The rain finally came, pouring down our last day. The heat evaporated, amazing how a little cloud cover turns it frigid. Our concrete room with the tarp ceiling kept us so warm and dry. Despite its stuffiness, it made me appreciate the shelter it offered. Made me almost forget the huge spiders that crawled over the walls every night.
That simple appreciation seems to be the greatest gift the home stay offered me. Not in the sense that these people have a less or lower quality of life than me, not just an appreciation of what I do have, but an appreciation of what an intricate existence living simply or minimally can be.
How deeply rooted the family I stayed with was to their environment. How present they are forced to be through the humdrum of everyday routines.
They seemed imprisoned to me at first, but I can only remember with such meticulous care that every duty was preformed and the love that came forth.
How purposefully the women woke up each and every morning with their whole families on their backs. How clean and beautiful they looked with only concrete rooms and a bucket to shower with. The balance created in doing laundry by hand. The peace I found in that simpler existence.
Despite not being able to carry many of those things back home, I took an appreciation that these villagers, monetarily poor to westerns, live a richer existence than most in the United States.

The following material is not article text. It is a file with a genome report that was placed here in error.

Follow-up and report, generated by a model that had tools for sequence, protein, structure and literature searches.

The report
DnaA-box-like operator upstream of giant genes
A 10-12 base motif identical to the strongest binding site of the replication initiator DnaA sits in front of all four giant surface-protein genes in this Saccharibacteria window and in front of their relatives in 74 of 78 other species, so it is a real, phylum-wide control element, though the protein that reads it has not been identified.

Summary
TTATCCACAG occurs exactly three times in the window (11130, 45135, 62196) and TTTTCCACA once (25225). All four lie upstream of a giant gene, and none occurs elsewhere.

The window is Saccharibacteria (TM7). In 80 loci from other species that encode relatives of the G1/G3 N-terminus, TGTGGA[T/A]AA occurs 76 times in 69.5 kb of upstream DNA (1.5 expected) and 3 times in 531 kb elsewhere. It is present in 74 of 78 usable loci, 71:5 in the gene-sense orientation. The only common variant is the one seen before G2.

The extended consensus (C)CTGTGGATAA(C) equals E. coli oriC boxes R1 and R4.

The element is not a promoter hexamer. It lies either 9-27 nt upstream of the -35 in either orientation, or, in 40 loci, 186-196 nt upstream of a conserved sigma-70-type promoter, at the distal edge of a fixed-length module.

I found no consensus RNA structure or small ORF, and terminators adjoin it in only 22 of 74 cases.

I remember the moon and star one of those long ago nights. It was a crescent hanging low in the sky with a bright planet gracing the right corner. It pulled in my memory at some forgotten universal importance. What I’ll never know, but it’s small moments like these that I think I’ll remember forever.
Moments like my grandfather so crinkled he looked like a piece of paper, sitting and reading the news under the stairs. Him smiling toothlessly as he watched his son playfully bat the puppy’s nose. When the father’s voice trickled in through the door, singing a song to lucky Siru the dog. The young boy, Rahul’s, breathless cricket updates from the village boy’s afternoon game. Shivani, the eleven year old girl, bobbing up and down as she tried to sneak up behind us on the roof with her shy little smile. The daughter our age swaying her hips and flipping her hand to some unknown song playing in her head as she did chores and thought no one was watching.
Our host mom’s pearly wide smile when I proved my worth by sweeping the courtyard. The grandmother, Ama’s, blaring grin and chortling laughter at my strange antics. The way she took my head between her two gnarled hands and brought it to her face in praise. The way our host mom woke us up with chai and a stuttered good morning every day. The way Rahul’s mom grabbed him and proudly declare that he was her son. When the two kids got lost in a game of tag and ended up tackling each other. The mom would hit them with flowers and shoo them away happily. The way saris dragged over concrete steps. The way they dripped and danced on clothes lines in the wind. As if the wind tried to mimic the beautiful way the women moved in their own saris.
What a gift fleeting in and out of a whole family’s existence is. What a powerful thing to remember.